BB200605, Policy News
UK Environmental Audit Committee sheds light on the nuclear renewables debate
A cross party committee of MPs in the UK, the Environmental Audit Committee (EAC) of the House of Commons, has analysed the thorny question, persistently digging into the governments and most particularly the Prime Minister’s side, of whether renewable energy can cost effectively substitute nuclear in an energy mix designed to deal with climate change.
In the report, published on the 16th April, entitled: ‘Keeping the lights on: Nuclear, Renewables and Climate Change,’ the choice of nuclear is slammed and the choice of low carbon alternative technologies and natural gas is held up as the only compelling solution.
New nuclear build is an over-extended investment that will not manage to fill the electricity generation gap opened up by retirement of old plant, nor to fulfill its much trumpeted role of mitigator in the looming climate change crisis. The EAC bases its evidence on submissions from a huge number of industry associations, institutions, and stakeholder groups including several nuclear bodies. Nuclear is a clambering investment. No nuclear power plant has ever been built anywhere near on time or on budget in the UK, as Walt Patterson, head of the energy and environment unit at the Royal Institute of International Affairs (RIIA) points out in a current RIIA article. The UK’s most modern plant, Sizewell B, using pressurized water reactor technology cost, at £3 billion, almost double the original allocation (£1.8 bn). It also took 7 years to start construction after the decision was made to build it, and the construction ran over-time by 7 years. The EAC doubts the likelihood that investors will want to commit to 70 years of nuclear generation, with all the deep set costs and risks that it entails, instead of investing in rapidly evolving and relatively quick installation renewable energy technologies. British Nuclear Fuels Ltd (BNFL) itself was cited in the report as saying that in addition to the fact that the market was now deregulated, “the regulatory and approvals processes in place in the past, which allowed delays and re-design to become the norm, would act as a major deterrent to private sector investors.”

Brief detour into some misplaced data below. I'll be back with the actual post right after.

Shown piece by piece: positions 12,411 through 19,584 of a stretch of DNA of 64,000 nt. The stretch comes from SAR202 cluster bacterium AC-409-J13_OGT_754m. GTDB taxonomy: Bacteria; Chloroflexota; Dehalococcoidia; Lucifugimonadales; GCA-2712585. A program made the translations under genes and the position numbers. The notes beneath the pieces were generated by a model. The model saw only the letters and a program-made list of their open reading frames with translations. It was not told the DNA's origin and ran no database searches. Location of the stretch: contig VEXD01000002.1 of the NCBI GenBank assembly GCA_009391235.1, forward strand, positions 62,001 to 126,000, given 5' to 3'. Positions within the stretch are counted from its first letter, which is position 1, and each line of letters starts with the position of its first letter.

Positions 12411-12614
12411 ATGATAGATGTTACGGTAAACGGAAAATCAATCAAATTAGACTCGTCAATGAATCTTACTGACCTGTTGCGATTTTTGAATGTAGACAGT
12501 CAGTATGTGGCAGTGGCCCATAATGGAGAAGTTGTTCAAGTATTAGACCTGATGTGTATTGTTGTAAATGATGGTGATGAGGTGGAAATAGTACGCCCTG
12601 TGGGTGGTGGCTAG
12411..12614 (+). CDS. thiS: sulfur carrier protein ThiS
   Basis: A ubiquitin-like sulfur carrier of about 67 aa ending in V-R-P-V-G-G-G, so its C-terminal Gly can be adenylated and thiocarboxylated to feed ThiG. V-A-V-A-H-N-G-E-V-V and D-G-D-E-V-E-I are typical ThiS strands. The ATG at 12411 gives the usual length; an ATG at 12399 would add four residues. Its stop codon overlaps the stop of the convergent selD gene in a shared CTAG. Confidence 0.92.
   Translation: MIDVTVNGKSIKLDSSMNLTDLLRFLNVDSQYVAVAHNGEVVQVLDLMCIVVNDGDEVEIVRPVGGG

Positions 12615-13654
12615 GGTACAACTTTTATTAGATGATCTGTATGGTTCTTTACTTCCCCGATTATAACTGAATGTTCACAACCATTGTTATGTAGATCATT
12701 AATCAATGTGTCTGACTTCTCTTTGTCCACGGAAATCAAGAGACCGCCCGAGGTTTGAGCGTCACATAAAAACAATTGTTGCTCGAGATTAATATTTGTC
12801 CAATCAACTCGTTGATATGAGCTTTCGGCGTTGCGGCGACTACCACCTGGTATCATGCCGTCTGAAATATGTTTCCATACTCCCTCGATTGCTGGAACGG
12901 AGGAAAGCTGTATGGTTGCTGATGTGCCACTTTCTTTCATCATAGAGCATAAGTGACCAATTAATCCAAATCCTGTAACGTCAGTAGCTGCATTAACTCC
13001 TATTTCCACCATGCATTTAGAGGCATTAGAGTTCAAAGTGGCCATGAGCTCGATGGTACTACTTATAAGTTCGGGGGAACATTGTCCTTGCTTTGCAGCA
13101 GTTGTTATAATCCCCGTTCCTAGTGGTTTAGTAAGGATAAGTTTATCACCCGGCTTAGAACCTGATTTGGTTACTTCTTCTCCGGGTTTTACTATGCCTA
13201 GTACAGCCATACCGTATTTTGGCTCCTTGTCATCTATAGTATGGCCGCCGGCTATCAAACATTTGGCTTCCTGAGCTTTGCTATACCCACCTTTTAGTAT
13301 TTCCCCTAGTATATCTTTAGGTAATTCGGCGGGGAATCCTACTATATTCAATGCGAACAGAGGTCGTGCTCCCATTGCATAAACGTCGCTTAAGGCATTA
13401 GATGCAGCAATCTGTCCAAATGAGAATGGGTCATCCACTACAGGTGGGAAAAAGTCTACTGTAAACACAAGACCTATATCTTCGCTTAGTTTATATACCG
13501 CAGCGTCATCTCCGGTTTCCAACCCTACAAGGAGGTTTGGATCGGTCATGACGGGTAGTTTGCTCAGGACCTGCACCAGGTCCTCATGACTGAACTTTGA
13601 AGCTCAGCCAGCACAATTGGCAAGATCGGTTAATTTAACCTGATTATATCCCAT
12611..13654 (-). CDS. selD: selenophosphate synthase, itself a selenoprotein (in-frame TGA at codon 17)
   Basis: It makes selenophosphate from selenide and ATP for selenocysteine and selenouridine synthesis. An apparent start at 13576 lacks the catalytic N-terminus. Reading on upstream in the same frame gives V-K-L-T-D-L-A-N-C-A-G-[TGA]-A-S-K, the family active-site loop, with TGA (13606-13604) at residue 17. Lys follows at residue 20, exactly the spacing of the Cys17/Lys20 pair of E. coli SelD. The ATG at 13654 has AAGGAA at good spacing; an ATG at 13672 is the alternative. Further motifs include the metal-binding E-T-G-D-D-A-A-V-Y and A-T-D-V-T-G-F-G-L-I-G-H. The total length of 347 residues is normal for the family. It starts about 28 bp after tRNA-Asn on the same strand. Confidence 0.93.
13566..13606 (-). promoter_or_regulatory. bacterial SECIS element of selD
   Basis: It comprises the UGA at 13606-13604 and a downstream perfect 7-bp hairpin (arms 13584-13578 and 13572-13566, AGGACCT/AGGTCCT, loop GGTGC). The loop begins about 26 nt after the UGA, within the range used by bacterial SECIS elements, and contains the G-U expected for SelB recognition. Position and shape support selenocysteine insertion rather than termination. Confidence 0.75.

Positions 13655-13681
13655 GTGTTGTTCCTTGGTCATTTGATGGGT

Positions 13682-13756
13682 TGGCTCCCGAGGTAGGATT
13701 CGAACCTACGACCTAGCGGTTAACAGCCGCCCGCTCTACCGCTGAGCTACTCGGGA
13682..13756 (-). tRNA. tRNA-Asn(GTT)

The EAC’s main concern is whether the framework in the UK is sufficiently conducive to ensure enough investment takes place to keep the lights on by 2016. Instead of being preoccupied with the nuclear question, it says: “The real issue which the Government is failing to address is whether the policy and regulatory framework in place is sufficient to stimulate the growth of lower-carbon generation on the scale required.” It asserts that progress in deploying key technologies, citing offshore wind, carbon capture and storage and microgeneration, is inadequate.
The 15 to 20GW of generating plant that nuclear decommissioning combined with coal retirement will make way for by 2016 affords a tremendous opportunity to place renewable energy firmly within the mainstream of energy supply and allow its benefits of clean, free fuel to start showing through. And this is what EWEA urges - to turn the climate change and energy security challenge into an opportunity. The report does seize the dimension of the potential of renewable energy and energy efficiency, addind that the gap will largely be filled by new gas-fired power stations, supplemented by a significant growth in renewables.